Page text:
It’s been a while since I’ve written.  After my trip to the south of Spain at the beginning of the summer, my life in Spain (and in general) became such a busy whirlwind that it was impossible to sit for a little while, collect my thoughts, or edit photos.  But it was all in the best way possible – I was living in the moment, spending time with amazing people that I know will be friends for the rest of my life, and working towards my goals.  Never once did I feel homesick.  (Alright, except when my dear friend Colin told me how great Death Cab’s show was…THEN I felt homesick.)

Is it really over?  I can’t say for certain.  I can hope that I secure the internship of my dreams next summer and then no, it will be a continuation of what I have worked on this summer.  I just fear that if there is no such opportunity, that Plans B and C may not work out, and I’ll have to take any old internship for the sake of taking it.


After a full day of unpacking, assembling, hammering, and pretending like I know how to use a level at my new apartment in Chicago, all of this “hit” me.  It’s the end of the summer and I have no clue where it went.


But all of the 11am coffee breaks, aimless walks after dinner, Saltamontes, quests for about a sapling’s worth of paper to burn for San Juan, mojito-making, inside jokes about furancho employees, public transportation SNAFUs, an excursion to the Vigo Zoo, culiminating with pijama party on the eve of my departure – I will carry those memories with me always.

Oh, how I love C谩diz.

Ahh, Cádiz.  It may have been upwards of 40 degrees centigrade, but at least that deceptive breeze from the sea kept me temporarily cool (and duped me into thinking I wouldn’t need to reapply sunscreen…oops).



Cádiz is unique in that many of the sights to see are spread out, rather than concentrated in one central location.  The beach is quite a distance from the cathedral, the cathedral quite a haul from some of the museums, etc.  Unfortunately, time was of the essence here; this is what happens when you only have a week off from school and want to see as much as humanely possible.  With only 24 hours at my disposal, I had to be efficient.




Catedral de Cádiz: Definitely a humble cathedral in comparison to many of the others that I have seen in Spain.  That crypt, however…oh boy, how creepy.  The echoes, weird shadows cast along the walls – I didn’t spend too long down there.  If you walk across the plaza, you are able to enter the cathedral’s museum, which has all sorts of artwork and religious articles from the 15th century through the 19th century.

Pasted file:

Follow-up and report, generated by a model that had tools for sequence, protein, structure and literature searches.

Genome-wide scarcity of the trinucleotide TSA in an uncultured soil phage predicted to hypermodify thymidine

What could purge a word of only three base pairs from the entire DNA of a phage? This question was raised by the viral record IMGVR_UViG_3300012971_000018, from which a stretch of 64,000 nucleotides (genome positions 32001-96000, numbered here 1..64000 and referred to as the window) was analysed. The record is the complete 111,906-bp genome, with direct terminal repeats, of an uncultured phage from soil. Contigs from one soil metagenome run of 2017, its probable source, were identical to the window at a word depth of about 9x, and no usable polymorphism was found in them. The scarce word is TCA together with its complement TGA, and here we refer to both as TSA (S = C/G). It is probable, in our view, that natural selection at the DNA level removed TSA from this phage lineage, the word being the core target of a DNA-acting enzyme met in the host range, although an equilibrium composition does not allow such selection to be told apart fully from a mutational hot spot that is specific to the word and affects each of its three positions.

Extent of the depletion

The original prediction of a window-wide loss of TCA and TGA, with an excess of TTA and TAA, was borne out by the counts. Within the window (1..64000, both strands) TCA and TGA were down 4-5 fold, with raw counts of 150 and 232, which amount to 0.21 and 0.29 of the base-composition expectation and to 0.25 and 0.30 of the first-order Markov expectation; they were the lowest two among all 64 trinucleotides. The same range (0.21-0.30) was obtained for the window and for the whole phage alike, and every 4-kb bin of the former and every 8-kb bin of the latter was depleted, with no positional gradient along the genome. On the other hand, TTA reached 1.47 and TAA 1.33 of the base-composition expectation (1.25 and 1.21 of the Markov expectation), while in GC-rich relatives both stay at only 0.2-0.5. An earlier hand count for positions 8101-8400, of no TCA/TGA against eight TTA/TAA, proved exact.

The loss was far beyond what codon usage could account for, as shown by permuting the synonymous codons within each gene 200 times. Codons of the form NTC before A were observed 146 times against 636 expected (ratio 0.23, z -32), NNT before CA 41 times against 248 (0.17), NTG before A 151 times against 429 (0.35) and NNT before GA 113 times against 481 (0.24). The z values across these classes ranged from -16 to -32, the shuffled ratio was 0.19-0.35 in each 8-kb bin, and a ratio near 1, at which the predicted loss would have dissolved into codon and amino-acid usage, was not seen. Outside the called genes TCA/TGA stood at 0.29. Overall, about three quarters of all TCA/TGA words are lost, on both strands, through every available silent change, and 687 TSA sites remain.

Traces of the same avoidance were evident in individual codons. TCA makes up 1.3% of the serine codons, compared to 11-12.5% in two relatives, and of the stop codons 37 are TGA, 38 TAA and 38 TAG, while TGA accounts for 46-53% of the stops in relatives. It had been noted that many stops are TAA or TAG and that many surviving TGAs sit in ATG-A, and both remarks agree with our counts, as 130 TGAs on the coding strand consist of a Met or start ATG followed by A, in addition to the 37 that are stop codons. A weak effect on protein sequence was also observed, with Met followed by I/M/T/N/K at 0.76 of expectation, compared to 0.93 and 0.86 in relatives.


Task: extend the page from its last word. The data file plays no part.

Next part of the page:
Museo de Cádiz: I was amazed by the sheer number of Phoenician and Roman artifacts in this museum.  I was also impressed by how advanced many of the tools from this period were.  The museum also contains some modern artwork, the juxtaposition of which was very interesting.


I also can’t believe how content my stomach was from this particular trip.  Lightly fried seafood and albondigas de merluza (and beer and wine to cool down, naturally)…mmm.  Looks like shopping for all of the clothes I’ll need in Chicago will have to wait if I want to have anything close to an accurate measurement of my actual suit size.


Speaking of shopping, my dear dad had given me all sorts of random things this weekend that I’ve been toting around in a very heavy backpack.  I just couldn’t take it anymore and caved – I bought another piece of luggage.  At least I can now justify purchasing those espadrilles…


C贸rdoba…the British are coming?

The title of this entry is half-serious.  My first observation: There were SO many Brits in Córdoba.  My second observation: Good God, everything is at least twice the price of anything in Galicia.  A friend that I made on this leg of the journey, Luis, explained to me that there is a correlation between the two.  Wealthy British folks have made Córdoba their home and as a result, the city is like a modern-day Babel AND a can of Kas is 2 euros.

You call THIS a tortilla?!  Womp womp.

3) I ate the Famous Ray’s Original “The Real Deal” version of tortilla espanola.  And it was not pretty.  I’ll have to Yelp it.

4) There’s apparently a hipster bar in Córdoba, where one can drink cheap beer (if the beer in Spain isn’t cheap enough already!) and listen to indie dance tunes.  Cool!

5) It was 45 degrees centigrade.  In the shade.  I’ll let the Yanks do the temperature conversion on that one.

6) That Andalucian accent “drop the d” thing is catchy.  I wish I could speak like that.

After two action-packed days in Córdoba, it was time to move along to my next destination: Cádiz.  At the risk of sounding like a nerd, I’m on the edge of my seat awaiting the results from my exam!


A little bit of C贸rdoba…

Fountains at the Alcazar de los Reyes Cristianos


…with tales of my travels to follow shortly!

Playa America > Playa Misericordia

Playa Misericordia in Málaga.


Even though the water in Galicia is about 10 degrees centigrade, the beaches are much better maintained than they are in Málaga.  Although the beaches are very picturesque in Málaga, a lot of people litter (unfortunately) and the sand is pretty rocky.  With that said, I am now somewhere between amber and crimson in color…

…and then it was off to M谩laga

After a lot of San Juan revelry, my first Spanish exam, and an “eventful” night, I was running awake for 48 hours with 2 hours of sleep.  As I like to say, there’s nothing a little caffeine can’t fix.  At 5:45am, I was off to the airport for the first stop on my Andalucian adventure: Málaga.  An even better treat: my dad made a stop in Spain to hang out with me on Saturday.


After catching up over a caña with my dad, we headed over to a tapas bar (El Tapeo de Cervantes) for dinner.  My dad and I caught up on life and strategized my move to Chicago.  (I honestly have no idea how I am going to pull this off.)  It only took two days for me to be known as a “regular” here and to have the bartender sneaking single malts my way.


Next stop: Córdoba!